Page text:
Immunopathology / REVIEW ARTICLEand enables the establishment of different cutoff levels, each would classify virtually all patients with SLE, systemic scle-one with its own characteristics of sensitivity and specificity; rosis, and Sjögren syndrome as positive for ANA.20however, this method also is bound to a subjective definition High autoantibody titers (>1:160) are present in sickof the end point and, thus, is poorly reproducible, as subjects, but in only 5% of healthy people; this threshold is aevidenced by the wide scattering of the titers obtained in little less sensitive but more specific.20 Indeed, at an end pointnumerous collaborative studies.20,31,32 titer less than 1:160, the follow-up secondary tests will yield The analytic imprecision or inaccuracy related to the use positive results in fewer than 5% of the cases.36,40 Intermediateof dilutions makes it preferable to use calibrators adjusted titers may be present in about 20% of the healthy populationagainst an international reference standard (World Health and in a small percentage of sick subjects. For these reasons:Organization [WHO] International Reference Preparation Titers of 1:40 and 1:160 (or concentrations of 5 and 20[IRP] 66/233, homogeneous pattern) and to express the IU, respectively) are considered decision-making levels thatresults in international units of concentration (IU/mL).23,33 require different operative algorithms:Available since 1982 are a number of reference sera for the 1. Titers less than 1:40 (5 IU) should be considered asstandardization and verification of the quality of the various negative.commercial preparations of HEp-2 cells34 and the different 2. Titers equal to or more than 1:40 (5 IU) and less thantypes of nuclear fluorescence in the ANA test.31,35 However, 1:160 (20 IU) should be considered positive at low titer (inthe WHO standard is not easy to obtain on a regular basis, the absence of specific symptoms, further diagnostic study isand secondary or tertiary standards should be prepared and not advised, but the patient should be clinically monitored).eventually used.31 Consequently: 3. Titers equal to or higher than 1:160 (20 IU) should be We recommend expressing ANA quantity in titer (recip- considered positive, and patients should undergo furtherrocal of the last dilution of the reactive serum). If a reference diagnostic study because they are probably affected by anstandard is available, expression in antibody concentration autoimmune disease.(IU/mL, WHO-IRP 66/233) is preferable. Each laboratory should verify the consistency of these When ANA is expressed as a titer, which is the most used cutoff levels based on the characteristics of its own casemethod, the recommended initial dilution of the sample is 1:40 material and possibly set cutoff levels at a dilution that gives(corresponding approximately to 5 IU),36 and a titer equal to high diagnostic specificity as determined against inflamma-or greater than 1:160 (20 IU) should be considered positive.20 tory diseases and healthy control subjects. Low titers (1:40-1:80; 5-10 IU) of ANA may be present The variation in ANA titer in IIF seems to have a poorin healthy subjects (in particular, pregnant women, women correlation with the course of the disease, with the soleolder than 40 years, and elderly persons) and as a phenom- exception of the anti-PCNA and antichromatin antibodiesenon associated with viral infections, paraneoplastic neuro- (homogeneous nuclear pattern) for which a titer decrease orlogic syndromes, liver disease, chronic fatigue syndrome, disappearance is associated with the efficacy of therapy.41and cancers of various types.37 For the most part, these are This may be related to the fact that most assay systems arenatural autoantibodies with low avidity that in some cases not rigorously quantitative, and the use of variations in anti-may be directed against microbial antigens and environ- body levels as a reflector of disease activity will need tomental chemical haptens, with a repertoire of antigenic await the introduction of more quantitative assays; therefore:specificity similar to that of autoantibodies present in In general, the use of variations in the ANA titer in IIFautoimmune rheumatic diseases.38 to monitor the course and therapy of autoimmune rheumatic The autoantibodies detected in serum samples of disease is not advised.patients with autoimmune disease are most likely a heteroge- Despite recent advances in the standardization of the IIFneous mixture of polyreactive, low-affinity natural autoanti- method (automation of the analytic procedure and recogni-bodies of IgM isotypes and monoreactive, high-avidity path- tion of the immunohistochemical pattern by way of comput-ogenic autoantibodies of IgG and IgA isotypes. 39 The erized systems), the technique still has some methodologicmethods commonly used in the clinical laboratory are not and interpretive limitations. A negative finding for ANA onable to distinguish these two types of autoantibodies, so that IIF may occur in connective tissue diseases owing to thethe differential diagnosis must necessarily be conducted on effective absence of antinuclear autoantibodies,42 the pres-the basis of the patient’s clinical history and symptoms and ences of antibodies to very soluble antigens (such asthe autoantibody levels present in serum. Ro/SSA), or the presence of autoantibodies directed against Low autoantibody titers (1:40) are rarely present in scarce cytoplasmic antigens (such as Jo-1 and Ro/SSA).autoimmune patients, but are observed in about 32% of To simplify and standardize the ANA test, solid phasehealthy subjects20; this threshold is highly sensitive and poorly immunoenzymatic methods (EIA-ANA) have been promotedspecific. However, it could have diagnostic value, since it in recent years as alternatives to the immunofluorescence test© American Society for Clinical Pathology Am J Clin Pathol 2002;117:316-324 319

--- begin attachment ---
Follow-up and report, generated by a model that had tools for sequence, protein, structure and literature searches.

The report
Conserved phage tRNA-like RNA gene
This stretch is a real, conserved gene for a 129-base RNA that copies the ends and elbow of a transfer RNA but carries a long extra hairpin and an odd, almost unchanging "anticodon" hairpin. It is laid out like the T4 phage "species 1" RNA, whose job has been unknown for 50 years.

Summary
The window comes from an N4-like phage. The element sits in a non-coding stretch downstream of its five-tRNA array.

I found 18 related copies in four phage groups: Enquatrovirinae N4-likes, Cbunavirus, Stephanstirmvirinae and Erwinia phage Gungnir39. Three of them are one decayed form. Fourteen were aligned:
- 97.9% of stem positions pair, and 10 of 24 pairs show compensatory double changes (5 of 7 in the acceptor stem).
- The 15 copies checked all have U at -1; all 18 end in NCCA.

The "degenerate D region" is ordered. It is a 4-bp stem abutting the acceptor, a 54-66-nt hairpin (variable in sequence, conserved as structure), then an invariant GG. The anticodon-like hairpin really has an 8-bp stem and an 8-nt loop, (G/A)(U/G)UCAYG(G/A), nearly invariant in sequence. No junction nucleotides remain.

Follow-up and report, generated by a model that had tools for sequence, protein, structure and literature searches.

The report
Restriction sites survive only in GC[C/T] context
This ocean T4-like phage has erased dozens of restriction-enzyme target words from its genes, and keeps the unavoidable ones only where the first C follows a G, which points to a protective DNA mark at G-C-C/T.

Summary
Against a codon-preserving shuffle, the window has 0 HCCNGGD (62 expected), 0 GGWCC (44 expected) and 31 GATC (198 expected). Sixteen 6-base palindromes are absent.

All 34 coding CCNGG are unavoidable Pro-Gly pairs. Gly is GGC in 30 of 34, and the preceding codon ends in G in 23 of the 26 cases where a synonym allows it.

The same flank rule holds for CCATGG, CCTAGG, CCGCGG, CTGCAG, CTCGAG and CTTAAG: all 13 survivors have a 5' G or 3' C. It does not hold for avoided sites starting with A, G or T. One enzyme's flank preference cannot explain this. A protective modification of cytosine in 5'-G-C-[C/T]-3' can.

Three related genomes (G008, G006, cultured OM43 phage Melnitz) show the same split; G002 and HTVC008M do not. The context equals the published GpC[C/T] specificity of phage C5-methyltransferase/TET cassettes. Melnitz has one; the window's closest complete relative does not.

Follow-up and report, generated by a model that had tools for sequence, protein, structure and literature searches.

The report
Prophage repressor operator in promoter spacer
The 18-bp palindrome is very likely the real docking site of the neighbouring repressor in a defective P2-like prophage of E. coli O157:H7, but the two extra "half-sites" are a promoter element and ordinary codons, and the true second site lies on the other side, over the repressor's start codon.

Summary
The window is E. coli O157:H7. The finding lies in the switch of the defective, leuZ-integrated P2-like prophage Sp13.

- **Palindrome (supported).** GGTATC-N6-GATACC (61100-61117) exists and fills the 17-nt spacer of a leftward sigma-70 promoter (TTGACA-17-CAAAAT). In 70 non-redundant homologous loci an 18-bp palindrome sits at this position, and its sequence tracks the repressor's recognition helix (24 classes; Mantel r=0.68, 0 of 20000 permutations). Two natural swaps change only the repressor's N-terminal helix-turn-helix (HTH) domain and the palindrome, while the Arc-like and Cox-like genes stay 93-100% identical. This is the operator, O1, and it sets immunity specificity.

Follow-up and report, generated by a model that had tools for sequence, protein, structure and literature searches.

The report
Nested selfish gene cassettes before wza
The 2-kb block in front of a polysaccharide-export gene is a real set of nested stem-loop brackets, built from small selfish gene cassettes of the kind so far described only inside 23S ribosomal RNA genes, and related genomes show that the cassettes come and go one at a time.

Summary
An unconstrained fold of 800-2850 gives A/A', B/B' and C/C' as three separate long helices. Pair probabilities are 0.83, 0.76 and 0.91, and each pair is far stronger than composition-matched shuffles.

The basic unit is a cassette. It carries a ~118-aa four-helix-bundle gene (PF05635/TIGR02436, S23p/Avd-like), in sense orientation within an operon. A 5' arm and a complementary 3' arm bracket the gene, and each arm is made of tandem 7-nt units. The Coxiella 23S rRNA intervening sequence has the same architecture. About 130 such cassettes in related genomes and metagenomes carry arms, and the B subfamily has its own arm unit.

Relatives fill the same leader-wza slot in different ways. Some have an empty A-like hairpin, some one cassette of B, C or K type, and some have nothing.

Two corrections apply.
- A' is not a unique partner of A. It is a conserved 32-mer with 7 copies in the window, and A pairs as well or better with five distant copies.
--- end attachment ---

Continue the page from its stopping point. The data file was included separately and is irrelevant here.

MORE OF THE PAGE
Tozzoli et al / LABORATORY GUIDELINES FOR AUTOANTIBODY TESTINGfor both screening and detection of total ANAs. While such became evident that the DNA molecule presented severalEIA-ANA tests are less labor intensive and can be used to epitopes and, therefore, that the anti-DNA antibodiesscreen and detect a panel of common specific autoantibodies included a heterogeneous group of immunoglobulins withusually observed in systemic rheumatic diseases, they are not different specificities. The most commonly identified anti-100% sensitive when compared with IIF-ANA43-47; in addi- bodies are those directed against single-stranded DNAtion, the EIA-ANA test may fail to detect certain ANAs with (ssDNA), whose antigenic determinants seem to be localizedatypical or rare immunofluorescent patterns.39 in the basic purine and pyrimidine sequences; the antibodies Moreover, there are remarkable qualitative differences directed against dsDNA instead recognize epitopes localizedbetween the different reagents48; some kits contain only a along the deoxyribose-phosphate backbone.49narrow assortment of antigens, whereas other include whole Compared with the lack of specificity of anti-ssDNAcell extracts and others whole cell extracts spiked with scarcely antibodies, anti-dsDNA antibodies are highly specific forrepresented antigens. Furthermore, some manufacturers use SLE and are present in affected subjects with a prevalenceIgG-specific conjugates, some use conjugates directed to the varying from 40% to 80%, such that they constitute the 10thwhole immunoglobulin molecule, and some to all of the diagnostic criteria for SLE as defined by the Americanimmunoglobulin classes. Therefore, to validate every single College of Rheumatology.8 Moreover, the presence of anti-reagent or kit, it is necessary to study a sufficient number of dsDNA antibodies in an asymptomatic patient is highlypatients with well-established diagnoses, as well as a large suggestive of subclinical SLE, as these antibodies are nega-sample number of IIF-positive serum samples having all the tive in SLE induced by drugs and positive in fewer than 2%different staining patterns and fully representative of the of the cases with other autoimmune diseases.50healthy population from the area (excluding hospital and labo- Anti-dsDNA and antichromatin antibodies are the mainratory personnel), before substituting IIF with the enzyme- cause of the homogeneous/peripheral nuclear staininglinked immunosorbent assay (ELISA). In addition, in reporting pattern in IIF (although they also may be present lessnegative EIA-ANA screening test results, it should be stated frequently with other staining patterns). Patients with SLEthat autoantibodies to specific antigens in this test (eg, Ro/SSA, and other autoimmune diseases may be initially recognizedLa/SSB, RNP, Sm, Scl70-topoisomerase I, Jo-1, and dsDNA) by means of this test, which constitutes the 11th Americanwere not detected. This clarification will alert clinicians that a College of Rheumatology diagnostic criterion for SLE.8negative EIA-ANA test result is not the equivalent of a negative Therefore:finding for all nuclear antigens. Furthermore, a positive EIA- Determine anti-dsDNA autoantibodies only when clin-ANA screen should always be confirmed by IIF-ANA on HEp- ical symptoms raise the suspicion of SLE and when ANA is2 cells, reporting titer and pattern.43 For these reasons: positive by IIF. At the present state of scientific knowledge and tech- The diagnostic and prognostic usefulness of the titer ofnology, do not screen for ANAs with immunoenzymatic anti-dsDNA antibodies has led to the development ofmethods, unless the following conditions are present: numerous quantification techniques. Among these, the most 1. The method used must have at least 90% concordance commonly used are the techniques of radiobinding (amongwith IIF, and prognostically important ANAs, such as those which is the original method of Farr51), IIF on Crithidiadirected to nucleoli or the nuclear membrane, must be recog- luciliae,52 and ELISA.53nized as positive on the ELISA. The technique of Farr prevalently detects high-avidity 2. Positive results must be subsequently confirmed by IIF, anti-dsDNA antibodies and provides greater specificity forspecifying pattern and titer or reactivity. diagnosing SLE, as well as greater usefulness for monitoring 3. Discordant results (ELISA-positive, IIF-negative) the clinical course. Nevertheless, the need for radioactiveshould be considered false-positive unless anti-Ro/SSA or isotopes limits its application in many clinical laboratories.anti–Jo-1 antibodies are found. If it is strongly suspected that IIF using an anti-IgG conjugate54 is highly specific, has athe patient has an autoimmune rheumatic disease, the good sensitivity and a relative accuracy, reveals antibodiespatient must be monitored over time. with high and intermediate avidity, and enables the identifica- 4. Negative results should specify which autoantibodies tion of the various antibody classes and their ability to fixwere studied and found negative, and patients with a clinical complement. This assay is easy to perform, very practical,picture that raises suspicion of autoimmune rheumatic less technically demanding than the Farr technique, and thedisease must be evaluated successively over time. most widely used test for anti-dsDNA antibody detection, but it does not provide an accurate quantitative determination.Recommendations for Anti-DNA Antibodies The ELISA technique can be automated, it reveals Since the 1950s it has been known that anti-DNA different immunoglobulin classes, provides quantitative find-autoantibodies may exist in patients with SLE. It soon ings, and is more sensitive than the Farr and IIF techniques;320 Am J Clin Pathol 2002;117:316-324 © American Society for Clinical Pathology